How do I properly house a leopard gecko?

How do I properly house a leopard gecko?

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Leopard geckos are very popular as pets today, and with the right information, anyone can give a leopard gecko a good home. Bear in mind these lively lizards can live for 10 years or so and can grow to between 15-25cm (6-10in) long.


A 15 to 20-gallon tank is large enough to house two or three leopard geckos, while 10 gallons should suffice for one baby gecko. If you choose to keep more than one, it’s important to make sure you have enough room for them to live together harmoniously, by providing hiding spots, allowing one cool, one warm and one moist retreat per gecko; this means each gecko can have its own retreat.


For cool or warm hiding spots, you can use a hollowed log or if you’re feeling creative, you can create a fake rock formation with polystyrene. Just remember when gluing and painting to wait until everything is thoroughly dry and the paint has lost its odour, as this could be harmful to your geckos.

You need to provide a temperature gradient along the length of the geckos’ enclosure, with one end being warmer than the other. Use a thermostat to regulate the temperature gradient here, keeping the warm side at 30-32°C (86-90°F) and the cooler end at 24-27°C (75-81°F), allowing the temperature overall to fall to this figure at night. As a way of providing heat on the warm side, a heating pad can be an option; a heat lamp is not needed as leopard geckos are not basking lizards.

However, your gecko will benefit from low levels of ultraviolet light. A 2-5 per cent UVB bulb will be adequate, allowing your pet to make vitamin D3 in its body, which is in turn essential to control calcium levels here.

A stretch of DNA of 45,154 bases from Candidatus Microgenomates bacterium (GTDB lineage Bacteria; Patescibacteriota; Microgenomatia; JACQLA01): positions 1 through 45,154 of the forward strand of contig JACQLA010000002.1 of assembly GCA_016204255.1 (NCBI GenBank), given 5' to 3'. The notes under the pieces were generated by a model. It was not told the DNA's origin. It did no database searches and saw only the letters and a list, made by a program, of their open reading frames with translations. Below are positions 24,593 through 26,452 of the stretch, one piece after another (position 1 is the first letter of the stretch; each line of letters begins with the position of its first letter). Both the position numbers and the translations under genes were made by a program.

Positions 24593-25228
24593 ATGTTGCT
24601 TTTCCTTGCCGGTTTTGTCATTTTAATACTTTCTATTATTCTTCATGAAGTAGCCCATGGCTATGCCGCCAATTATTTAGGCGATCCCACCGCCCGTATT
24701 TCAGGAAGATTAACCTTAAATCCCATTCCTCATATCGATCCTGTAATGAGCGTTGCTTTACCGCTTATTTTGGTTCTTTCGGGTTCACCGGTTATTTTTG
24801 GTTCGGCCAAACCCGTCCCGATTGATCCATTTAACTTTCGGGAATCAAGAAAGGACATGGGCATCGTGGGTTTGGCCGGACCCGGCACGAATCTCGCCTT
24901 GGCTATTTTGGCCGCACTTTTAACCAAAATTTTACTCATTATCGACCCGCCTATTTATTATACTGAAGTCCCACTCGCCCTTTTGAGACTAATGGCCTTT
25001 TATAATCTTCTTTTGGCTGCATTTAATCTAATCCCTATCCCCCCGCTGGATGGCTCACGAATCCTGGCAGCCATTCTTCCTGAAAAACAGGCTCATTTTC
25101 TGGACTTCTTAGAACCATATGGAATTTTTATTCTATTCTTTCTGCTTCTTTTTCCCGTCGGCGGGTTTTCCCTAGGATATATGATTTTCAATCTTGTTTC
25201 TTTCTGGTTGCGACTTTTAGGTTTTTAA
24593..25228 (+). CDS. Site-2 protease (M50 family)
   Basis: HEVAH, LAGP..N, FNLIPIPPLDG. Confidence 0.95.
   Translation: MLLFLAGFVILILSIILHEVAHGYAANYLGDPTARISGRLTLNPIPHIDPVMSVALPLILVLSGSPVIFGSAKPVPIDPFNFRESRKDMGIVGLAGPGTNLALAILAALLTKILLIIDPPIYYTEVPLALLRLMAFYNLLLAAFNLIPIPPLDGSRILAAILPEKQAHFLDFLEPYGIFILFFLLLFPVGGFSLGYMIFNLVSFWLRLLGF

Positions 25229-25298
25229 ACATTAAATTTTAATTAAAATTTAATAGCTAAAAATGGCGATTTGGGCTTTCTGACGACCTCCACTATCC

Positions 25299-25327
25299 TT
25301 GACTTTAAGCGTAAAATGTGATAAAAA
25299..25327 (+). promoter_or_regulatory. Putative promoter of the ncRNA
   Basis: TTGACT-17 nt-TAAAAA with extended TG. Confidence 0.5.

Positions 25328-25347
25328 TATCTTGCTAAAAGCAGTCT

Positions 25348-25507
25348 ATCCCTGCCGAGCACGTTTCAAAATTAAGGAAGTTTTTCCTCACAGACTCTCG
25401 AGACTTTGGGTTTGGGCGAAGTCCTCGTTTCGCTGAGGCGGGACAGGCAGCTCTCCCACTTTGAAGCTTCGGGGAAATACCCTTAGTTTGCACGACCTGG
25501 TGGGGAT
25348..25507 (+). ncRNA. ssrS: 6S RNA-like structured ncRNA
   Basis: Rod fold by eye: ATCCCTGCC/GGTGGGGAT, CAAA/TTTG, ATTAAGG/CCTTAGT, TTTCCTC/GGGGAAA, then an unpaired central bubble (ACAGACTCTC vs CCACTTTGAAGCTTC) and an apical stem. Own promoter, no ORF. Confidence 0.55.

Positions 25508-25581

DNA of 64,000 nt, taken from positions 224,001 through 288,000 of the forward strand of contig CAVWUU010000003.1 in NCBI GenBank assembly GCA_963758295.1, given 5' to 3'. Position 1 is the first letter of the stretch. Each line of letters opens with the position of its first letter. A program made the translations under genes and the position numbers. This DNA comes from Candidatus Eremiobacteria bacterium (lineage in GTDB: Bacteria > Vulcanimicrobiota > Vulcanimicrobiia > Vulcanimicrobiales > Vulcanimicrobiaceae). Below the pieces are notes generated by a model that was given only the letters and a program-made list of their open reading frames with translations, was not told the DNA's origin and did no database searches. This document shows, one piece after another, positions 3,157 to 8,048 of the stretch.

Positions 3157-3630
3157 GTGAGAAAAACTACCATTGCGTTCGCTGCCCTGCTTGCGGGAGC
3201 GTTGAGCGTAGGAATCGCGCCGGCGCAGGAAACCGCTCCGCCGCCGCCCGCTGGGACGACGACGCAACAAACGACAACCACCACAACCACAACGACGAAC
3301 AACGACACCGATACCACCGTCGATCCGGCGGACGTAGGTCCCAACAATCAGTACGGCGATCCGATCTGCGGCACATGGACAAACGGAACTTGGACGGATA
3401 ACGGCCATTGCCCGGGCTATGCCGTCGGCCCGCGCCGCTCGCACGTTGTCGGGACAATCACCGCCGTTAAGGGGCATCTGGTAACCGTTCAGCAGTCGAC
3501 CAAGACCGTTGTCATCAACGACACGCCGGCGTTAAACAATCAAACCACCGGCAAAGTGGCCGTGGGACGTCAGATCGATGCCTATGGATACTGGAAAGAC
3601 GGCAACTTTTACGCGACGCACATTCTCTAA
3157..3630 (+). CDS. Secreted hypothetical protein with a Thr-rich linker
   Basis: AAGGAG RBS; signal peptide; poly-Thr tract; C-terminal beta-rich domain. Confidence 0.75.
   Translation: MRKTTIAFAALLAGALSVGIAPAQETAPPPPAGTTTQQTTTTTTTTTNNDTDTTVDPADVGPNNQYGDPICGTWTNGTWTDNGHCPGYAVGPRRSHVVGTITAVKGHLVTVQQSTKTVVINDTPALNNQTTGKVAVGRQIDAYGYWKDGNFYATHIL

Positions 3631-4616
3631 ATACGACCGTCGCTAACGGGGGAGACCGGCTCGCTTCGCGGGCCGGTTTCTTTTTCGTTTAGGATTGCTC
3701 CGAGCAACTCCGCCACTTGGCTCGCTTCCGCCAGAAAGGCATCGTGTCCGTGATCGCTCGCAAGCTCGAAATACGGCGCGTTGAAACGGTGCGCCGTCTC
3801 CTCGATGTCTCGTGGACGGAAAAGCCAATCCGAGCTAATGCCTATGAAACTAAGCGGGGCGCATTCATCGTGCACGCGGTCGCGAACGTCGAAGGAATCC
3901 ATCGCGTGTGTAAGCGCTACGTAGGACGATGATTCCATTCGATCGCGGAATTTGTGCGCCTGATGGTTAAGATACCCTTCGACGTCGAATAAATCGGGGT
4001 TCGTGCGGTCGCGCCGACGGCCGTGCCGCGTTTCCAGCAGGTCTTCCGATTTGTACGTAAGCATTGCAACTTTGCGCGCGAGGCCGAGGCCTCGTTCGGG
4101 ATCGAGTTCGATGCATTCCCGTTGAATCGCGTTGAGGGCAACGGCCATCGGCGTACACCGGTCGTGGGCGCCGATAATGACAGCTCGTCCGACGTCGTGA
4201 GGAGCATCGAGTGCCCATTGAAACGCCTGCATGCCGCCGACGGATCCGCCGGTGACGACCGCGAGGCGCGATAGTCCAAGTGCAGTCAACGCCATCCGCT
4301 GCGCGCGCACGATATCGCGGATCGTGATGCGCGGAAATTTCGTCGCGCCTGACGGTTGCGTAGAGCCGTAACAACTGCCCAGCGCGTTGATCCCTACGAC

Other décor needed will include a substrate of tiles and flat stones to create a textured surface which your leopard gecko can walk on. A moist hide will soften the skin in preparation for shedding from the humidity.

This will be similar to the cool hide, sited away from the heat source, but you will need sphagnum moss or a damp paper towel to line the hide. Other plants can help to create the appearance of natural habitat look but using live plants instead of artificial plants is trickier.

Feeding and bonding with your pet

Juveniles should be fed daily; adults every other day. Top up your gecko’s nutrients with supplements too. Ask your vet for advice on the best supplements to use. A diet of insects including crickets, waxworms and small locusts can be fed to your gecko. Small locusts should be no bigger than the size of the gecko’s head and waxworms should be fed sparingly as these are high in fat. To avoid your gecko from swallowing and digesting the substrate by accident, if you are using sand, offer the food in a bowl.


Leopard geckos can become used to handling, which is helpful when checking their health. Never grab your gecko though, as this will cause stress and lead it to struggle and bite. Scoop it up with both hands and support its feet. Never apply any pressure to the tail as the gecko can shed this as a defence mechanism. The tail can grow back but it is dangerous for the
gecko’s health as it will have to rebuild its fat stores. If your gecko backs away when you try to pick it up or attempts to bite, it is best to leave it alone. Be patient when taming your gecko. Do not take your lizard out of its quarters for longer than 10- 15 minutes at a time; this is so your pet’s core body temperature doesn’t drop. Keep other pets away, regardless of how safe they may seem around your gecko. Clear, bright eyes are one of the signs of a healthy leopard gecko. They should be active, and the belly should not touch the floor, apart from when resting.

British Pet Insurance Services offers a range of exotic pet cover levels, insuring; lizards, snakes, tortoises, parrots, birds of prey and small mammals. With up to £5,000 vet fees and a range of optional extras, select the level of cover to suit your needs.

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